Accidental spills can happen before spreading manure onto a field. Having a manure spill kit on-hand can make a lot of difference for neighbor relations.
By: Erin Cortus, Assistant Professor & Environmental Quality Engineer, SDSU Extension
Manure spills can occur during the storage, transportation and application of manure. Advanced planning can minimize the impacts of a manure-related emergency. Part of this preparation includes assembling a manure spill response kit to have ready and accessible on the farm when needed, especially while pumping and applying manure.
The kit should include:
- A copy of the farm’s emergency response plan, if it has one, including emergency numbers and a site map;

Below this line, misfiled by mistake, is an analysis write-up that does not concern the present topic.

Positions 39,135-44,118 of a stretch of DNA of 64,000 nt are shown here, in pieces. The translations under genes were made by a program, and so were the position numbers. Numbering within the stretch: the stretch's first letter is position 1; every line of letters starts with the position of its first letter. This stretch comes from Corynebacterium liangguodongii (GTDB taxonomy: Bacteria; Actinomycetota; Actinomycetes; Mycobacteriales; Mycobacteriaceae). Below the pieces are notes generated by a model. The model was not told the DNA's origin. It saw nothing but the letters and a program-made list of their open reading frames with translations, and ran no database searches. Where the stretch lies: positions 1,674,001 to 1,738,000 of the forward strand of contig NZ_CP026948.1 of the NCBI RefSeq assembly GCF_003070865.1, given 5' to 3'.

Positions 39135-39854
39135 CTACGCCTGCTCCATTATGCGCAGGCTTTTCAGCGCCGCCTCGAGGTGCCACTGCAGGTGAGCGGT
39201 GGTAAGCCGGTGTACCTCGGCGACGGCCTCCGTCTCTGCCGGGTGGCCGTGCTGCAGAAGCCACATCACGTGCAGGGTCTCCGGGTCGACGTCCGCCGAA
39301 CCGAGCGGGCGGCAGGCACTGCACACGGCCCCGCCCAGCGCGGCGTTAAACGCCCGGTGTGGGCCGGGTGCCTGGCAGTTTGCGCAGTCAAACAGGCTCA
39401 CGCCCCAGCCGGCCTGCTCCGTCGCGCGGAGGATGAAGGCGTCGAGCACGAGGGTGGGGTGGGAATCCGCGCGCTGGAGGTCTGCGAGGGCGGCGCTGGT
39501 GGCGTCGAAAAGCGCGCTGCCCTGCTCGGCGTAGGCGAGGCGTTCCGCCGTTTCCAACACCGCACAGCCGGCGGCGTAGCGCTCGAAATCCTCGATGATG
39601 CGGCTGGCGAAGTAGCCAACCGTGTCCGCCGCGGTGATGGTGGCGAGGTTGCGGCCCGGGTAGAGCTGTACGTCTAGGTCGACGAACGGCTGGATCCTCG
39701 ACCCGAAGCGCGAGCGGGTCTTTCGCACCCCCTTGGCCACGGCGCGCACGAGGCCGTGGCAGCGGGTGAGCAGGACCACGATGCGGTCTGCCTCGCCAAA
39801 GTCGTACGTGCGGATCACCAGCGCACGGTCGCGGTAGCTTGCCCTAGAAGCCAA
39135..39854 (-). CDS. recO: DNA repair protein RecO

- Hay or straw bales that could be used to block a culvert or build a berm or diversion;
- T-posts to support plywood or bale stacks;
- 14-inch diameter PVC pipe in both 3-foot and 2-foot sections to be used to cover tile inlets;
- Several 6-mil plastic sheets of approximately 12-foot x 25-foot lengths that could be applied to tile inlets or other sensitive areas with duct tape;
- At least one sheet of 4-foot x 4-foot plywood that could be used to block culverts. Round the plywood on one end to fit the curve of the ditch;
- Pliers, vice grips, fencing pliers, channel lock pliers, hammers, utility knife, hand saw, hatchet, post driver;
- 1 roll duct tape;
- Baling wire; and
- Sand shovels.
At the minimum, a mini-kit can be kept in the truck or tractor. The mini-kit should contain a sand shovel, duct tape, utility knife and 6-mil plastic sheets.
The steps for responding to a manure spill are outlined in the article Dealing with a Manure Spill.